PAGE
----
MILWAUKEE -- There were two outs in the ninth inning of a one-run game when Cardinals pinch-hitter Jose Martinez made loud contact with Josh Hader's 21st consecutive fastball. As the baseball sailed out toward right-center field and a sellout crowd at Miller Park held its breath, Brewers manager Craig Counsell
MILWAUKEE -- There were two outs in the ninth inning of a one-run game when Cardinals pinch-hitter Jose Martinez made loud contact with Josh Hader's 21st consecutive fastball. As the baseball sailed out toward right-center field and a sellout crowd at Miller Park held its breath, Brewers manager Craig Counsell said something like, “Oh, no.” His precise reaction is not fit for print.
“I said a bad word. I did,” said Counsell. “I hope the kids don’t see it.”
Out in center field, Lorenzo Cain had a different take.
In one of the most entertaining of their 50 Opening Day games since the franchise moved to Milwaukee, Cain made a leaping catch to rob Martinez of what would have been a tying home run. It provided a thrilling finish to the Brewers’ 5-4 win over the Cardinals on Thursday afternoon in front of 45,304 fans.
For all of the Spring Training talk about “new year, new team,” the Brewers’ opening victory felt a lot like their eight straight wins to close the regular season a year ago. Mike Moustakas and Christian Yelich homered to bring Milwaukee back from an early three-run deficit. Jhoulys Chacín was sharp over 5 1/3 innings, aside from two misplaced fastballs. And Hader was flat-out electric, generating 11 swinging strikes and 15 total strikes in 21 pitches without throwing a breaking ball. The only surprise was Chacin’s fifth-inning solo homer off Cardinals starter Miles Mikolas -- the first home run by a Brewers pitcher in an Opening Day game.
• Reigning NL MVP Yelich doesn't waste any time
The game came down to Cain’s chase of Martinez’s deep fly ball. Martinez didn’t initially believe he got enough of the ball to send it out. Neither did Hader. But the baseball kept carrying. Balls hit with Martinez's combination of exit velocity and launch angle went for a homer 62 percent of the time under Statcast tracking data from 2015-18.
“I was on the top step yelling,” said Cardinals second baseman Kolten Wong, who homered twice before yielding to the right-handed pinch-hitter Martinez in the ninth. “I thought he had it. When you hit a ball like that off Hader, usually with how hard he’s throwing, the ball is going to travel pretty far. It was one of those things where he hit it and we all thought it was gone. [Cain] made a hell of a play.”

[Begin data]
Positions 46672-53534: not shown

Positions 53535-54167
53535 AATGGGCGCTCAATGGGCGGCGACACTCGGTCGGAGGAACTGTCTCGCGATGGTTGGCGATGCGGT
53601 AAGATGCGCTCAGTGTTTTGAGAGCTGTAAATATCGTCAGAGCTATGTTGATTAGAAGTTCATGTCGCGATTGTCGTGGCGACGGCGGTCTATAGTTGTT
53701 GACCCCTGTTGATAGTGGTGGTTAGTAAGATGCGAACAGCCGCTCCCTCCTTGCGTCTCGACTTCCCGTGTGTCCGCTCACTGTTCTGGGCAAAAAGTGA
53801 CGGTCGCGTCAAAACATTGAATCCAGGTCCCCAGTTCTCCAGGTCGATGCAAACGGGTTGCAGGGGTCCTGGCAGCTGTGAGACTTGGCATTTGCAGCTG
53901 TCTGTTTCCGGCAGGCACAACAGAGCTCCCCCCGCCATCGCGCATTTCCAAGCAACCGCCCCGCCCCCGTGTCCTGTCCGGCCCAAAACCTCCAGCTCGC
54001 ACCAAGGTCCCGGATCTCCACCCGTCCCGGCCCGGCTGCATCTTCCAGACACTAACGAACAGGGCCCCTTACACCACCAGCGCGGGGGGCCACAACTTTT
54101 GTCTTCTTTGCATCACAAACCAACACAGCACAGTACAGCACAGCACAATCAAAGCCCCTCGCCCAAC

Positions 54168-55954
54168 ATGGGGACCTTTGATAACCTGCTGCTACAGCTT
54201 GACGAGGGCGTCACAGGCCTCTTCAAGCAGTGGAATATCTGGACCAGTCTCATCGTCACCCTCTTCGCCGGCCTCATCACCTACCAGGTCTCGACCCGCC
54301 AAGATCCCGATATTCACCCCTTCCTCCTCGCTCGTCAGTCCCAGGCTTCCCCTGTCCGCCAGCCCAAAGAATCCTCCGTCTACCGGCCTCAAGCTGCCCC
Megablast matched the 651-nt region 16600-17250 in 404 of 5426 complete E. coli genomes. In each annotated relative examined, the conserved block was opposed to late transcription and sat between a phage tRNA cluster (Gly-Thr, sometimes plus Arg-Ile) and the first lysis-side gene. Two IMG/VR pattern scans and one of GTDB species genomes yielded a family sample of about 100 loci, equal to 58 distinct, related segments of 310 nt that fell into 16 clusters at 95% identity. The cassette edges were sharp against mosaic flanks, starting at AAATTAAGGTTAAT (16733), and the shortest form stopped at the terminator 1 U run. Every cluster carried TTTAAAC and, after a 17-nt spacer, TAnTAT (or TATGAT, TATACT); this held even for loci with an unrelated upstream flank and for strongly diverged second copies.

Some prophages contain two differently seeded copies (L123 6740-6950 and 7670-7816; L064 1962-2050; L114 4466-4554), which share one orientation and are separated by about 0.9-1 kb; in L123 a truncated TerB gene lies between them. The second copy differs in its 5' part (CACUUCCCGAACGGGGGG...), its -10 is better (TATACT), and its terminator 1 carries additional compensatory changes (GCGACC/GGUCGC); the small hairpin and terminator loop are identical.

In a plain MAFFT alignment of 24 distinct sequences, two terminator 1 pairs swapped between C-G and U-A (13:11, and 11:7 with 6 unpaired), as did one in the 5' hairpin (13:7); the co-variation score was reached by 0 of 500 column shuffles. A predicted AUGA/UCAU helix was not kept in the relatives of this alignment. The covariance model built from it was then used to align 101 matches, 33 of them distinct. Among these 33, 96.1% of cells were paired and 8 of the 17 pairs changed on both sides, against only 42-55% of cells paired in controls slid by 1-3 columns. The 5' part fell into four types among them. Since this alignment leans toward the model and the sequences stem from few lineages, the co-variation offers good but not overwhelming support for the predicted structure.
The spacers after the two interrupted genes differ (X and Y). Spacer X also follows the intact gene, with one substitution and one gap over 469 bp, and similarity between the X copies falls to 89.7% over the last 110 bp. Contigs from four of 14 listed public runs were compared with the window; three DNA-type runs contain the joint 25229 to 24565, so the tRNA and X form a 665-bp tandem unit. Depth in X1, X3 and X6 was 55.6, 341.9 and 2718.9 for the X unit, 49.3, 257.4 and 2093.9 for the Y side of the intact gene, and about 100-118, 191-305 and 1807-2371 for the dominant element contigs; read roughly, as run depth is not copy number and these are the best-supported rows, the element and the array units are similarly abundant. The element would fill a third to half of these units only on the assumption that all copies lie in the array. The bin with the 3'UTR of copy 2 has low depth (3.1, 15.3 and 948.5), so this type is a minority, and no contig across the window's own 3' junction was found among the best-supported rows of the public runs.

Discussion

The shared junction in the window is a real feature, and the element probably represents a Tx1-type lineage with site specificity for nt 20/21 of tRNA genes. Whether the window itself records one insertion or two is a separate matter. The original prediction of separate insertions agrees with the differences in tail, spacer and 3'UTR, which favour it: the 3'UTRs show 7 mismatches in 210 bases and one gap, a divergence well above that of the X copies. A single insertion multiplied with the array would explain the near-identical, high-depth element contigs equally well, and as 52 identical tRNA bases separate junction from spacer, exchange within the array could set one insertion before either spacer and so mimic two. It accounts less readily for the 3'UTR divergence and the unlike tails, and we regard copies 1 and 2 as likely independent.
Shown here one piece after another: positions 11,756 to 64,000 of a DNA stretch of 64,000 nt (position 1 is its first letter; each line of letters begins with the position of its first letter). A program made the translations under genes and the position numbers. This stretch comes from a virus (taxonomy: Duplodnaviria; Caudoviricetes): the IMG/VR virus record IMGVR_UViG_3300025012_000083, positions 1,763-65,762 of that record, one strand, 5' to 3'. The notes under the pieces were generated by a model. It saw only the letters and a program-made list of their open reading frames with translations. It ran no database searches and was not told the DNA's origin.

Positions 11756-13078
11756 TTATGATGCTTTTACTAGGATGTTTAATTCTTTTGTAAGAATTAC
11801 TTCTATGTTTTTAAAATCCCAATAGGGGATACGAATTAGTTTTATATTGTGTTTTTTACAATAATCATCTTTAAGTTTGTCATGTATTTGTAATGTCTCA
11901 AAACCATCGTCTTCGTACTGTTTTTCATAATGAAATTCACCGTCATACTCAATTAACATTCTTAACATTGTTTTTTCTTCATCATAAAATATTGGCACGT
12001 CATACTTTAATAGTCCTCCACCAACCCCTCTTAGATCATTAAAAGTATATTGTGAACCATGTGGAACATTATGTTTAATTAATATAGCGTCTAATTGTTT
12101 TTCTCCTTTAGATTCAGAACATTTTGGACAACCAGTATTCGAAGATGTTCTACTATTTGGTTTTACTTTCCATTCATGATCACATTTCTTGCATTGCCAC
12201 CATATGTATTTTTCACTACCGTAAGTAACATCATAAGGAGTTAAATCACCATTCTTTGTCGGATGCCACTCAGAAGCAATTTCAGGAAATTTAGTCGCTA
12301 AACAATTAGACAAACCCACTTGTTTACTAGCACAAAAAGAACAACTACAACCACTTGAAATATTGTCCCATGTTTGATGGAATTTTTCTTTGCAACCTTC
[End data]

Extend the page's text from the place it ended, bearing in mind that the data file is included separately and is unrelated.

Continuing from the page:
“I couldn’t tell off the bat, but I was running over there and I could tell it was going to be close,” said Yelich, who had a perfect view from his position in right field. “[Cain] does such a good job of tracking that ball and finding that wall. It’s a lot harder than it looks.”
Said Cain: “I'm talking to the baseball out there, telling it to come down so I could have a chance to make a play. I timed it well and I was able to bring it back.”
When he came down with the game-ending catch after sprinting 101 feet, Cain let out his trademark yell after a defensive gem -- “Not today!" -- and flung the baseball skyward.
It eventually settled in second baseman Mike Moustakas’ glove. Moustakas gave it to an MLB authenticator.
“Every time he does it, it’s still surprising to me,” said Moustakas, Cain’s old teammate from Kansas City. “That was incredible. And every time he does it, it was the best catch I’ve ever seen.”
Cain’s grass-stained jersey was evidence of an earlier effort. His diving catch of Marcell Ozuna’s fly ball leading off the fourth inning was a four-star play, according to Statcast.
Last year, Cain led MLB with 16 catches rated four or five stars. He also tied Boston’s Mookie Betts for the MLB lead among outfielders with 20 Defensive Runs Saved.
“He’s unbelievable, he really is. He’s a gamer and I love playing with him,” Yelich said. “I think we all thought he was deserving to have won [a Gold Glove Award] last year. But the thing about Lo Cain is he doesn’t care about those things.”
To the contrary, Cain was a bit bothered that Atlanta's Ender Inciarte won the award for NL center fielders in November.
“That's something that I've been wanting for a while now and it stings a little bit that I haven't won one yet,” Cain said. “I feel like I've put in the work and I’ve done the things I needed to do to win one, but it is what it is. Maybe if I save 50 runs this year, I'll have a chance.”
Cain’s catch sealed a six-up, six-down season debut for Hader, who is vitally important to a Brewers team navigating a tough early-season schedule while its top two right-handed relievers, Jeremy Jeffress and Corey Knebel, are on the injured list.
“That’s a great way to start the year,” Yelich said. “That game had a little bit of everything in it. I don’t know if there’s been an ending like that on Opening Day. That gave our team a jolt a little bit.”
“This game showed us we still have that magic,” said Chacin.
Adam McCalvy has covered the Brewers for MLB.com since 2001. Follow him on Twitter and Instagram and like him on Facebook.